David R. Bruegel, P.C.David R. Bruegel, P.C. brandDavid R. Bruegel, P.C.
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Divorce. Steps involved. Transition in life. Emotions and fears

We All Need A Champion

I represent both men and women in divorce.  I do other things too, estate planning, a good deal of probate court and circuit court matters on behalf, usually, of individuals.  It used to be just corporations.  The law firm I used to be a partner in is now over 450 lawyers, offices all over the United States and in Canada.

I do what I do now greatly because of my family, and divorce in my own life.

My grandfather was the first medical doctor in East Lansing, Michigan in 1902.  I always heard as I was growing up of his staying at patient's houses all night long, tending to whatever was the issue.  Truly all out of a Norman Rockwell painting, I suppose one could say.

But this idea of being there and helping is infectious, if that's not the wrong word to use.

When I get a call from someone, usually a tense, yet restrained distraught tightness in their voice about divorce, I pretty much know what's next.

Of course each situation is unique and each human being, their own person, made from seemingly an infinite number of factors, I listen, try to listen more, and more and more.

Everyone, man or woman, wants to know, what are the steps, how long will this take, WHAT IS THE FUTURE FOR ME ECONOMICALLY.

I have to say, some divorces seem to be a Godsend; the need has existed for years and years and I can tell that client, usually some weeks out in the process, that there is a silver lining to all this for them.  The rear view mirror is just the place for them to remember their former spouse, if you will permit me that flip comment.

And more often it is love that is still there and even a kind of sad hope and grief that reminds me more of probating someone's estate than it does of a new and current, just starting divorce from the old hope, the old love, the bad developments one didn't see coming and wish hadn't happened in their life or in the life of their spouse, tell the truth.

But the process is amazingly simple in theory.  If there are kids, minor children of that marriage: that is first.  Child support and custody arrangements simply come first.

This is often a hard landing to begin with.  Child support can be a real economic issue and often becomes a continuing problem, if it isn't paid.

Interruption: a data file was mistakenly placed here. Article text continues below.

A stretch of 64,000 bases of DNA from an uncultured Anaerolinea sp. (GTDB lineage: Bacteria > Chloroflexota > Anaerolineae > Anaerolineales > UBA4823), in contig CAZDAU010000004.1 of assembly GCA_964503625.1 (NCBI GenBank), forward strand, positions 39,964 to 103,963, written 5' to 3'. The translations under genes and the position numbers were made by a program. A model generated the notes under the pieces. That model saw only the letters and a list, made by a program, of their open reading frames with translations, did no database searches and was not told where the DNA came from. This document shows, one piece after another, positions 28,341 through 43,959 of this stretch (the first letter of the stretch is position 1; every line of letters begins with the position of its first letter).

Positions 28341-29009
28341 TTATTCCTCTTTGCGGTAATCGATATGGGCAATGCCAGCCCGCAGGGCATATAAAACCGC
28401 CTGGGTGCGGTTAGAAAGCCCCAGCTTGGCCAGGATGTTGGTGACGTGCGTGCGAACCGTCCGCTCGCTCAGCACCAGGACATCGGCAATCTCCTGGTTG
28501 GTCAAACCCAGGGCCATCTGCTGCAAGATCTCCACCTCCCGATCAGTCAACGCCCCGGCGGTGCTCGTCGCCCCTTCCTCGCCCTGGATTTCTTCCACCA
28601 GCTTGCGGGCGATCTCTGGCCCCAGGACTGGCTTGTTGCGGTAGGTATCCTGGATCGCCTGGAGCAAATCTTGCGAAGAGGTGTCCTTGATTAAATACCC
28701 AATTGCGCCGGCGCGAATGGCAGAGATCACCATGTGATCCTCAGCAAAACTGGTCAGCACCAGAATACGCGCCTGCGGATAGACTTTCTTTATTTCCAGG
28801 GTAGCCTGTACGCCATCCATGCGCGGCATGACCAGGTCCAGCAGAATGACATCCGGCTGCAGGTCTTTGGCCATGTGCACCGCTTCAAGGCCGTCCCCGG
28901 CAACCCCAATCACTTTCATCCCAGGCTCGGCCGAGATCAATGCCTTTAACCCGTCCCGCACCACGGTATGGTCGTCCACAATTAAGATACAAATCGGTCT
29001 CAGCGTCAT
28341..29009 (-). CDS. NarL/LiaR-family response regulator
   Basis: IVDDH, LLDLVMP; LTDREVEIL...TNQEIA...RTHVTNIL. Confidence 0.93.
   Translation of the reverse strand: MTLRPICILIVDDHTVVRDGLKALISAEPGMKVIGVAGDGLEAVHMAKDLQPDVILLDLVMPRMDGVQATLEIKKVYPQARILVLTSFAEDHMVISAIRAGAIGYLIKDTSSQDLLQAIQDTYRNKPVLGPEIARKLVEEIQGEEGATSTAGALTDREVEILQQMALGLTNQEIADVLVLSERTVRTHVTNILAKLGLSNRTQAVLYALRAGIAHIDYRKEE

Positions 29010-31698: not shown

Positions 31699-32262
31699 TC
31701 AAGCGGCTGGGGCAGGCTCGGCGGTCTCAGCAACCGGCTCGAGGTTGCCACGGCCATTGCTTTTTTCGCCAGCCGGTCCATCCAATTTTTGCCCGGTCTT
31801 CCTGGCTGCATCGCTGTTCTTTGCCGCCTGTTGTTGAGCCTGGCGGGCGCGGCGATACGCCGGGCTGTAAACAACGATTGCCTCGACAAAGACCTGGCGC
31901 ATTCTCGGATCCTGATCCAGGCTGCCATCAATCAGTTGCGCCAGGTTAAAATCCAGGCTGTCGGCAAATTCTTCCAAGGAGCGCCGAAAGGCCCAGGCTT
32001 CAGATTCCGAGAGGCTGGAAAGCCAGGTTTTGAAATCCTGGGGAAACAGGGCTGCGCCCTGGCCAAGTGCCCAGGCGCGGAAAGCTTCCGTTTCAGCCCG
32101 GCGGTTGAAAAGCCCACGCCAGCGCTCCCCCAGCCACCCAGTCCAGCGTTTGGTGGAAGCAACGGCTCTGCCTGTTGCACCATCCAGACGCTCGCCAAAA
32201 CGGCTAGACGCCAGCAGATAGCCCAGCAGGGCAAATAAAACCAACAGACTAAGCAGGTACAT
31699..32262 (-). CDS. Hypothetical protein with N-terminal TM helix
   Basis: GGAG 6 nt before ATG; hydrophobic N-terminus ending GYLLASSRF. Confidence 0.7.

But kids come first.

Without that issue, it is monopoly, I tell clients.  The legal standard in this state, in Michigan, is "fair and equitable."  That means what it says: fair.  Equitable.

Is that 50-50?


It is fair and equitable.  That translates into understanding and figuring in the good and the bad, no fault the law says, but, tell the truth, bad actions matter and affect the negotiations.

The Judge is not usually too deeply in all of this stuff.  Yes, there is an in chambers meeting and discussion of the situation.  The Judge always wants matters settled soon and fairly.  The Judge hears the facts, the advocates (that's me) tell the Judge what has been going on, and I do this quietly, persuasively and with as many well-chosen, evocative words as I can for the Judge to see our side and see it clearly and sympathetically.

Then it is up to the lawyers and the clients to get through the dividing up and the balancing, based on educational levels, ability to support oneself, the issue of spousal support (in olden times called alimony) and all that.

Do we keep the house?  Does one party get it?  How would the net proceeds of sale be divided?

And, everyone's favorite, retirement funds.

Here is the need, even with grudging agreement on how much has to come out of one spouse's retirement funds, for a very careful document called a Qualified Domestic Relations Order ("QDRO") to be prepared, understanding all the complexities and rules of that particular retirement program and they all seem unique in their formal rules.

Personal property/possessions are another project that can be easy or not easy.  The parties often address the toaster, the washing machine, whatever isn't obviously one spouse's "stuff" and that gets over somehow.

It all leads to what amounts to a contract but is in a judgment the Judge will sign once a hearing is held with the Plaintiff, the one who filed the Complaint for divorce, testifying ever so briefly, to provide the jurisdictional facts (living in the county for ten days before filing; living in Michigan for 180 days before filing; no one is pregnant -- to protect the unborn -- that the parties have reached an agreement satisfactory to both but that the objects of matrimony have irrevocably broken down, that sort of thing).  With that the Judge says that he or she finds the marriage is over and that a judgment will enter.

I try to tell my client that they too will enter.  Enter their future.  Enter their future with at least some resources and without the issues and problems that made life difficult, although where there are minor children, the dealing and issues with the former spouse go on to age 18, even 19 and a half, in some cases and it would be good to be as optimistic about that as you could gather yourself up to be.

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David R. Bruegel, P.C.

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155 W. Maple St.
P.O. Box 316
Mason, MI 48854

Phone: 517-833-4196
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